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'Unwise, undesirable': 40% hike in domestic gas price to result in cost push, inflation

By NS Venkataraman* 

Government of India has hiked the domestic natural gas price by 40 per cent to $8.57 per mBtu on gross calorific value for the second half of FY23, beginning October 1, compared to the April -September 2022 period.
The gas price ceiling for extracting the key commodity from challenging fields — deep water, ultra deep water and high pressure-high temperature fields — has also been revised upwards by around 25 per cent to $12.46 per million British thermal units (mBtu).
This is the highest price for procuring natural gas in the country, since the Government of India introduced the New Domestic Gas Pricing Guidelines in November 2014.
The previous high in gas price was recorded in the first half of the current fiscal year at $6.10 per mBtu. Before this, the highest price was reported for the November 2014-March 2015 period at $5.05 per mBTU.
Similarly, the highest ceiling price for gas from challenging fields was during H1 FY23 at $9.92 per mBtu. Prior to H1 and H2 FY23, the highest price reported was during the April 2019-September 2019 period at $9.32 per mBtu.
India meets half its natural gas requirement through domestic production, while the other half is imported as liquified natural gas (LNG).
Price of imported liquefied natural gas are always raised largely in tune with the increase in international price.
However, Government of India seems to be increasing the price of domestic natural gas also in tune with the international price trend. This certainly is not in order.
The government’s move to increase the price of domestic gas is unwise, as it will result in cost push inflation and consequently several undesirable developments with regard to the national economy.
Govt of India is upsetting the economics of hundreds of industrial, commercial and service oriented organizations
To protect the economics of a few oil exploration companies, the government is upsetting the economics of hundreds of industrial, commercial and service oriented organizations in the country by steeply hiking the domestic natural gas price.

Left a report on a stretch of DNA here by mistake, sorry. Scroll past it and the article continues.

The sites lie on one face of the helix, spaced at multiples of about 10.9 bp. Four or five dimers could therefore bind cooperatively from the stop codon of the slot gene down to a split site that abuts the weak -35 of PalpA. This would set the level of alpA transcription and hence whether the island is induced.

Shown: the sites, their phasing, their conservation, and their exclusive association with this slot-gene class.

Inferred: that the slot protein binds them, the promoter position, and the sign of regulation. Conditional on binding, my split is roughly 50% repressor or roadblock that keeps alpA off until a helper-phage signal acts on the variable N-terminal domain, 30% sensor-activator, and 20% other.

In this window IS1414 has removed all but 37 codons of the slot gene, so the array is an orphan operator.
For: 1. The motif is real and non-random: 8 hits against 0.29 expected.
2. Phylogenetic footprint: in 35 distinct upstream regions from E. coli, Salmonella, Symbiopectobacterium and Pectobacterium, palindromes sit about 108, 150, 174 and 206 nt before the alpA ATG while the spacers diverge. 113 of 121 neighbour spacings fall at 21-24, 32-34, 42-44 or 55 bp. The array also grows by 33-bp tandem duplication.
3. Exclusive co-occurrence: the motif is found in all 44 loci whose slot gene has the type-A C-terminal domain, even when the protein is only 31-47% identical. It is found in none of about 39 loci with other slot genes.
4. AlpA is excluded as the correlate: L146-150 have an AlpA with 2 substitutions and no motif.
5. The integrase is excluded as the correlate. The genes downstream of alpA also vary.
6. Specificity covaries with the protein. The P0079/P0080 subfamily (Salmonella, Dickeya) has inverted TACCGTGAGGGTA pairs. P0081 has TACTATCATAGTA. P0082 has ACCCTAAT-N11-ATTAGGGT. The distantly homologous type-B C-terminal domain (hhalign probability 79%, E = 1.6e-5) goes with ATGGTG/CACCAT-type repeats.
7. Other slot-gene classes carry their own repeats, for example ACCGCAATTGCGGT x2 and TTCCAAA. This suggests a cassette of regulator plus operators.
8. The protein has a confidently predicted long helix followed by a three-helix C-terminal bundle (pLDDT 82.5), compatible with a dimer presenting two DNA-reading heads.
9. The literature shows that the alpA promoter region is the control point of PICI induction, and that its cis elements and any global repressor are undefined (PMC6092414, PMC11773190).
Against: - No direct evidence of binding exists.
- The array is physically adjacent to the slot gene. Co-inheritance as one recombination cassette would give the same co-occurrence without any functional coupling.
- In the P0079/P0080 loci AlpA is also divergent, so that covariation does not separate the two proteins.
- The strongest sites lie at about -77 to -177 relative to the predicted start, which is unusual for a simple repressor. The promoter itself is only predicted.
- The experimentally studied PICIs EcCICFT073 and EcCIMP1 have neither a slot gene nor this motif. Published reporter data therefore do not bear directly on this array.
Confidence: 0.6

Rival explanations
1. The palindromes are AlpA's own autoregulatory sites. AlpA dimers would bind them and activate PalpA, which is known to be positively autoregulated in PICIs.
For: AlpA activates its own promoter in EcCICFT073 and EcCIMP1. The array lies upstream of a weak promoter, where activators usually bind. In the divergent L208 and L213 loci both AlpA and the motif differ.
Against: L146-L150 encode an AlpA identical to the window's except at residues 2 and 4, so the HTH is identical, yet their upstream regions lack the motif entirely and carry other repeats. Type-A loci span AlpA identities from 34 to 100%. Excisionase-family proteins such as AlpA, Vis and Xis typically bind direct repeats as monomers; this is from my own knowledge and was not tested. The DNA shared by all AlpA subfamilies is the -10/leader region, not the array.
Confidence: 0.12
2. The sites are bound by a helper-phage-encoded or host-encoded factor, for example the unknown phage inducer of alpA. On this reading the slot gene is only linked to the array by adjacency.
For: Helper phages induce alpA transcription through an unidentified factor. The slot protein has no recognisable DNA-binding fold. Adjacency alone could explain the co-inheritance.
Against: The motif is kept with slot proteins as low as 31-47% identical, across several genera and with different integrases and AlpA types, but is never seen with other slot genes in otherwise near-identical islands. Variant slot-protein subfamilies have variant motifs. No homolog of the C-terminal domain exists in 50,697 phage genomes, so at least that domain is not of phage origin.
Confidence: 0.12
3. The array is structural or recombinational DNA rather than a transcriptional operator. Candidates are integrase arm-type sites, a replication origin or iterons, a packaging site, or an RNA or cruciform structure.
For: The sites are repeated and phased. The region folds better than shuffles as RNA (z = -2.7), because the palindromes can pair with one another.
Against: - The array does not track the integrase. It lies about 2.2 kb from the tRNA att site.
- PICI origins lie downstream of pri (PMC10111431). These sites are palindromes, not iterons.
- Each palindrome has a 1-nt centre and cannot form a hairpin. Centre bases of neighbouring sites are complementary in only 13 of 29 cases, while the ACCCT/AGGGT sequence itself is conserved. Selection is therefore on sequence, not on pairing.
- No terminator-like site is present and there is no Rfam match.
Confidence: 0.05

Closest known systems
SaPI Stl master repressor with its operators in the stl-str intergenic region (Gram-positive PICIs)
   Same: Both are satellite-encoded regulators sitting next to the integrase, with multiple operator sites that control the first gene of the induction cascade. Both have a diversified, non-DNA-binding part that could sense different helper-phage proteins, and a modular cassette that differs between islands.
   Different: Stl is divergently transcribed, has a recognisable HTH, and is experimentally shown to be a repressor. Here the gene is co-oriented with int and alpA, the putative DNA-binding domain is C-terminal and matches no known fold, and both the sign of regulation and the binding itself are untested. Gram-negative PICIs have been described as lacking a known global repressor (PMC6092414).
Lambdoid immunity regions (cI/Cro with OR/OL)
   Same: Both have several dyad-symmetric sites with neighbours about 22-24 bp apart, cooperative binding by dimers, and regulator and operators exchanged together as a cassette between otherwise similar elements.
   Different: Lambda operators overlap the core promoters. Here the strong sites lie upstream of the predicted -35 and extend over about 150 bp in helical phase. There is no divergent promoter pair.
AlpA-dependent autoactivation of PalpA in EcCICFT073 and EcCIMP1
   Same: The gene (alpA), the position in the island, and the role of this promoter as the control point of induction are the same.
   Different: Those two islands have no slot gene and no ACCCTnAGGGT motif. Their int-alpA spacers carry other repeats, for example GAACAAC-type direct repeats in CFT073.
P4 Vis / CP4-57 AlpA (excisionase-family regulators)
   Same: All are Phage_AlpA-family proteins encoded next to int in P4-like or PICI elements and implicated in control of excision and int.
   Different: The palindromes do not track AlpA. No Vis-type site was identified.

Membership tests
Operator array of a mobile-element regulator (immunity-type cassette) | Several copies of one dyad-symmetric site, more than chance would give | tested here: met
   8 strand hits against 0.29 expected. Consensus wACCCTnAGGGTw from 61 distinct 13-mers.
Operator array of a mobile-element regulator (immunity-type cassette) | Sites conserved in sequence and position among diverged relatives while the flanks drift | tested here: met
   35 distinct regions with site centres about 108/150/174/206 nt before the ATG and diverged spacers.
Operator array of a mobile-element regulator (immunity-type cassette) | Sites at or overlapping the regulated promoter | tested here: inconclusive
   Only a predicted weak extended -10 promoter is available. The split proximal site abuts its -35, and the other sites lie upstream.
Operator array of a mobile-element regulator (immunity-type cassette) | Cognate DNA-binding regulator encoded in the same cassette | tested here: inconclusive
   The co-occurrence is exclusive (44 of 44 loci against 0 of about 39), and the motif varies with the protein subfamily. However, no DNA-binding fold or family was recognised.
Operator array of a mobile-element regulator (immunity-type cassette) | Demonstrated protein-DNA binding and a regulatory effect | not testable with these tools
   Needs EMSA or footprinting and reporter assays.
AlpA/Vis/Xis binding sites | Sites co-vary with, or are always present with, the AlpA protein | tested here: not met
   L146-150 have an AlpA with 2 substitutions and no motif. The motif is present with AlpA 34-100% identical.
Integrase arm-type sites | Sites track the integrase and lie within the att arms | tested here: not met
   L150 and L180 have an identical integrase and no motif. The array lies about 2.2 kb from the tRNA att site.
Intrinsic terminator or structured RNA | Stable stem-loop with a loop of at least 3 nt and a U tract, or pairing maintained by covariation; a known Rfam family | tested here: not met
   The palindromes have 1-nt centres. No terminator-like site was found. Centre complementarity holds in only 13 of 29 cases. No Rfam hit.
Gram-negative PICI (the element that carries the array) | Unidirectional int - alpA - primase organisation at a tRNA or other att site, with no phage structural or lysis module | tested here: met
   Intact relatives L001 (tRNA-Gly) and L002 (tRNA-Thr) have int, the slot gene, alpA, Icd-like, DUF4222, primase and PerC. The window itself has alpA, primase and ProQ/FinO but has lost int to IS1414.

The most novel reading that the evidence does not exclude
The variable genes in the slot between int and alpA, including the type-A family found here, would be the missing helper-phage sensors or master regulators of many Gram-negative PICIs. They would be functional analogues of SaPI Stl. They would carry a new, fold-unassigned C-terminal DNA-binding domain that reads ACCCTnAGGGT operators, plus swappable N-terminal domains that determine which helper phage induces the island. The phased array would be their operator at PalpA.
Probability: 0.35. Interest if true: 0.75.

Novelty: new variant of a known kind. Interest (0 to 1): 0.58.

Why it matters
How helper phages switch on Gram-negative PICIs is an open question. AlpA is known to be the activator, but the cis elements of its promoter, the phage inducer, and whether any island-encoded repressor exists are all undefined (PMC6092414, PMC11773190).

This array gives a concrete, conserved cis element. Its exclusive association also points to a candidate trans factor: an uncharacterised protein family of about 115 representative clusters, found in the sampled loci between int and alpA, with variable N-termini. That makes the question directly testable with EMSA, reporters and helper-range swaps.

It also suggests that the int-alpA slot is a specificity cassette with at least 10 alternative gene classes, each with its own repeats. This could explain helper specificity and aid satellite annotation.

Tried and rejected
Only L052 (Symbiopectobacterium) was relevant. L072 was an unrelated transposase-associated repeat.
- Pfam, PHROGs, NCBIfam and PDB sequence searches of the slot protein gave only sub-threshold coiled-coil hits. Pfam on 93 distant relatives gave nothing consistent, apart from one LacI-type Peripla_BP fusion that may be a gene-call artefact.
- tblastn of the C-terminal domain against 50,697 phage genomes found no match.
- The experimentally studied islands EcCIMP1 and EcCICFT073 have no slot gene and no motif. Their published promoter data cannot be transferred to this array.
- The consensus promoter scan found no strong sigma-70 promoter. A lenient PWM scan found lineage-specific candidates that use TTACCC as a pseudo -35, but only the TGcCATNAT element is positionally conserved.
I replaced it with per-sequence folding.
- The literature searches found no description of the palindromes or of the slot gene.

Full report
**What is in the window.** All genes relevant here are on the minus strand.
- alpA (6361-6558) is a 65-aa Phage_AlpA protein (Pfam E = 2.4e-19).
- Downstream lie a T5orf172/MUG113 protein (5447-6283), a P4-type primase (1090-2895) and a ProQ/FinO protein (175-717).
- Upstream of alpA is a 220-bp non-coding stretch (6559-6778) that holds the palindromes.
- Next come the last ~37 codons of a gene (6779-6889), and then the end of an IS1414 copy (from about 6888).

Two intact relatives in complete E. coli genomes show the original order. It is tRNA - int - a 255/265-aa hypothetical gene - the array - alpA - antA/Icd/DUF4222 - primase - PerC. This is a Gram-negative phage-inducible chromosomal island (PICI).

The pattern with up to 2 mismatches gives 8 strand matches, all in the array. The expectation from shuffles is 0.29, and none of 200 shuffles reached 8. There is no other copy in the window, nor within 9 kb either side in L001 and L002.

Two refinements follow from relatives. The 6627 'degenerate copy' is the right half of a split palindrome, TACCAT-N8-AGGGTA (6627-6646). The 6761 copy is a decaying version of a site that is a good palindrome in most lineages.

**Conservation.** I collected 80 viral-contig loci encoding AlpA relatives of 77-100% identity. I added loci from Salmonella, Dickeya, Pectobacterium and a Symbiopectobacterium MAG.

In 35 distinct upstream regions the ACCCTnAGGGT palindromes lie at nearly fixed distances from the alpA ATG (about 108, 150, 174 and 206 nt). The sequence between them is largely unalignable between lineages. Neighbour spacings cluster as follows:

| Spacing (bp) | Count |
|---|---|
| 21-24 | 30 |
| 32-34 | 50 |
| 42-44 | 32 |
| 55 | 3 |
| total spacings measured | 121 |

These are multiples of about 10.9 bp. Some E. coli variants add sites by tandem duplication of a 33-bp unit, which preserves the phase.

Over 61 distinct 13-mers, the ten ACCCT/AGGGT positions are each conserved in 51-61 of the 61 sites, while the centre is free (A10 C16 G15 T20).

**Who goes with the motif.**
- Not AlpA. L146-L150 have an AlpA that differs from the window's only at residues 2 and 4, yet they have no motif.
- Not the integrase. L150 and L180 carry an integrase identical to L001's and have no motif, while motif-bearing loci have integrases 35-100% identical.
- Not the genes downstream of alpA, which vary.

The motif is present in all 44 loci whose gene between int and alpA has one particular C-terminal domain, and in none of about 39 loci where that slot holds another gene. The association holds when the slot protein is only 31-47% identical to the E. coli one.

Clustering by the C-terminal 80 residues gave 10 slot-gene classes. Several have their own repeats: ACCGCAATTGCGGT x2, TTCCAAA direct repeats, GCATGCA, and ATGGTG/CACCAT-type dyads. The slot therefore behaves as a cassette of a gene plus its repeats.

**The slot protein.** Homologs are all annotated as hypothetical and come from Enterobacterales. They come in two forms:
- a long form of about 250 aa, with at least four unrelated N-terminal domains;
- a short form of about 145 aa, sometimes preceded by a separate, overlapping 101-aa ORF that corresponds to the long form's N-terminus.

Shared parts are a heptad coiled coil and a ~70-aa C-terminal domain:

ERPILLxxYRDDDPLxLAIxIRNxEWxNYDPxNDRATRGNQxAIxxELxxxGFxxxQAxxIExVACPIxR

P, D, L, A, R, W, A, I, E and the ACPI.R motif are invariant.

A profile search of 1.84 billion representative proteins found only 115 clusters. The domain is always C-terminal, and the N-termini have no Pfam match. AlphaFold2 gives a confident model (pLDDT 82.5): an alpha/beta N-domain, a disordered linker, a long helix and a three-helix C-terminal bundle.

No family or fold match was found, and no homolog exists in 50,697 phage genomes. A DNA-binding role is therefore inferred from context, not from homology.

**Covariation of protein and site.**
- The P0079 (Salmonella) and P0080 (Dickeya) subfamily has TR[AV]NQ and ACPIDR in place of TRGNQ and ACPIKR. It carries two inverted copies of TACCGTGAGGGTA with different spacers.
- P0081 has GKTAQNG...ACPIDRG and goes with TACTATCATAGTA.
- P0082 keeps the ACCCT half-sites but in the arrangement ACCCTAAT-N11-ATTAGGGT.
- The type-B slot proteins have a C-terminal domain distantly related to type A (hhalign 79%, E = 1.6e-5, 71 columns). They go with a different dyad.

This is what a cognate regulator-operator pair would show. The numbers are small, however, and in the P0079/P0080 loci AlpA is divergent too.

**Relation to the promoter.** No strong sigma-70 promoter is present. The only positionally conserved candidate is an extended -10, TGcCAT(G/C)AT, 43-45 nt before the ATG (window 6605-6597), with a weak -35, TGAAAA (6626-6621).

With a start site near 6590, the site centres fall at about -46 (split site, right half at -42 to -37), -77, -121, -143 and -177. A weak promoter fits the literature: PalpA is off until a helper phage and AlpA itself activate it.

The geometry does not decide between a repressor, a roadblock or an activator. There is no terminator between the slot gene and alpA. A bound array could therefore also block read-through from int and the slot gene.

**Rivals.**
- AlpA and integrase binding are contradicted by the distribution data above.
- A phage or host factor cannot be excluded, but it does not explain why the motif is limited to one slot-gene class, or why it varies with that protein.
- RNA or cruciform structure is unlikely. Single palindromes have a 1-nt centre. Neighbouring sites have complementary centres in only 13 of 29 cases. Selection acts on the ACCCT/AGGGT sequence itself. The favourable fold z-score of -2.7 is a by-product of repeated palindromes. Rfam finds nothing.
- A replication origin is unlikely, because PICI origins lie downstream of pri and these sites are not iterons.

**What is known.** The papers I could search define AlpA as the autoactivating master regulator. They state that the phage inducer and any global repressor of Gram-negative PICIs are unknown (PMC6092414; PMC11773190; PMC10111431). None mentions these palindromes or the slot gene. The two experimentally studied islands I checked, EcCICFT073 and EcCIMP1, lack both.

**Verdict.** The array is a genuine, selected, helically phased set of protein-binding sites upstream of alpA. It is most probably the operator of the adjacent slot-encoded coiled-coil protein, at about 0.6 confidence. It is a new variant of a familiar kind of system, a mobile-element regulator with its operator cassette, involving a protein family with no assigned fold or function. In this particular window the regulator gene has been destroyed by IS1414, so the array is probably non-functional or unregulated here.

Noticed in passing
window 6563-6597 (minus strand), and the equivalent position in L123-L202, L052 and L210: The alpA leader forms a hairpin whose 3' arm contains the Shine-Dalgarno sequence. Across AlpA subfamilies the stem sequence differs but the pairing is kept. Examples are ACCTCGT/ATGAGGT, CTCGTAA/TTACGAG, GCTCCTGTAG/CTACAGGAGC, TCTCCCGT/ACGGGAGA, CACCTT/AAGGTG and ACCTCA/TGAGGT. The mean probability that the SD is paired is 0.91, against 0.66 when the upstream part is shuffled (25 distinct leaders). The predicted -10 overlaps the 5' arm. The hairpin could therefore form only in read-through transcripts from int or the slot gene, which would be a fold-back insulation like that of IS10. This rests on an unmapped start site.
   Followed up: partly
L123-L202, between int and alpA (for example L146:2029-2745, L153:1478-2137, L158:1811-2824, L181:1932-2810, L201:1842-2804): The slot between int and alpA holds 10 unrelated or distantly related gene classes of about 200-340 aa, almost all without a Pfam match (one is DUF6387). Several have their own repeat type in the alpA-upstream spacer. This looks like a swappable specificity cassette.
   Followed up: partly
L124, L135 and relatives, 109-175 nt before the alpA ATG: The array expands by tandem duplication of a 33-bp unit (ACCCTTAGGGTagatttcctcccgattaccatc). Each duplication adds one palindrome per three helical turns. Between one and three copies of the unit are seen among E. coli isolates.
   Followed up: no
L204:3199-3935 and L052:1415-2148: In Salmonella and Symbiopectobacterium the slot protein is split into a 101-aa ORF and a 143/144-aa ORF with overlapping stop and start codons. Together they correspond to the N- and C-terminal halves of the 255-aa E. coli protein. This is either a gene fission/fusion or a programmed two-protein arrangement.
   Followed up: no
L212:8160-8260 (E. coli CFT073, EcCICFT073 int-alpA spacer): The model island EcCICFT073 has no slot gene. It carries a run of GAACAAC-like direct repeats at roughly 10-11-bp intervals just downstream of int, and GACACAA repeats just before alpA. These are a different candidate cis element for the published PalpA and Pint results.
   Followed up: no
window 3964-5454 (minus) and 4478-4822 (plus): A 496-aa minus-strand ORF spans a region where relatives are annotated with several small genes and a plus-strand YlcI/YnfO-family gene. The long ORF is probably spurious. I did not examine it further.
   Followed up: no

Natural gas is an essential feedstock and fuel and around 50% of Indian requirement of natural gas is met by domestic production. With the increase in the price of natural gas, the cost of production of goods and services will increase proportionately, that will lead to increase in the market price of derivative products. In effect, this would amount to transferring the cost burden to the common man.
Consequently, the cost index in the country will go up that will lead to demand for higher salaries and wages both in the organised and unorganized sector. Inevitably, the expenses of the organisations and that of the government will go up significantly and this will be a vicious cycle.
While increasing the price of essential inputs like natural gas should be the last option, it appears to have become the first option for the government.
Obviously, the government has chosen the easy option of increasing the price of natural gas , without carefully examining the alternate options for holding the price of natural gas at the present level.
One is not sure whether the government has carefully carried out cost auditing with regard to the performance of the oil exploration companies in India. If it has done, it should have publicized the results of the auditing in a transparent manner, so that the people will be able to judge the price increase decision of the government.
The feasibility of subsidizing the domestic natural gas price to the extent necessary to ensure price stability in the domestic market , ought to have been carefully and judiciously examined.
In the last several months, it is known that many petrochemical companies in India, both in the public and private sector, have been turning out good performance and making good profit. The feasibility of raising the tax level on the profit made by petrochemical companies, to subsidise the natural gas price, should have been considered as one option.
In any case, price increase of natural gas at periodical intervals seems to have become a habit for the government. When the feasibility of reducing the price of natural gas due to any international development is there, the government just ignores it.
*Trustee, Nandini Voice For The Deprived, Chennai



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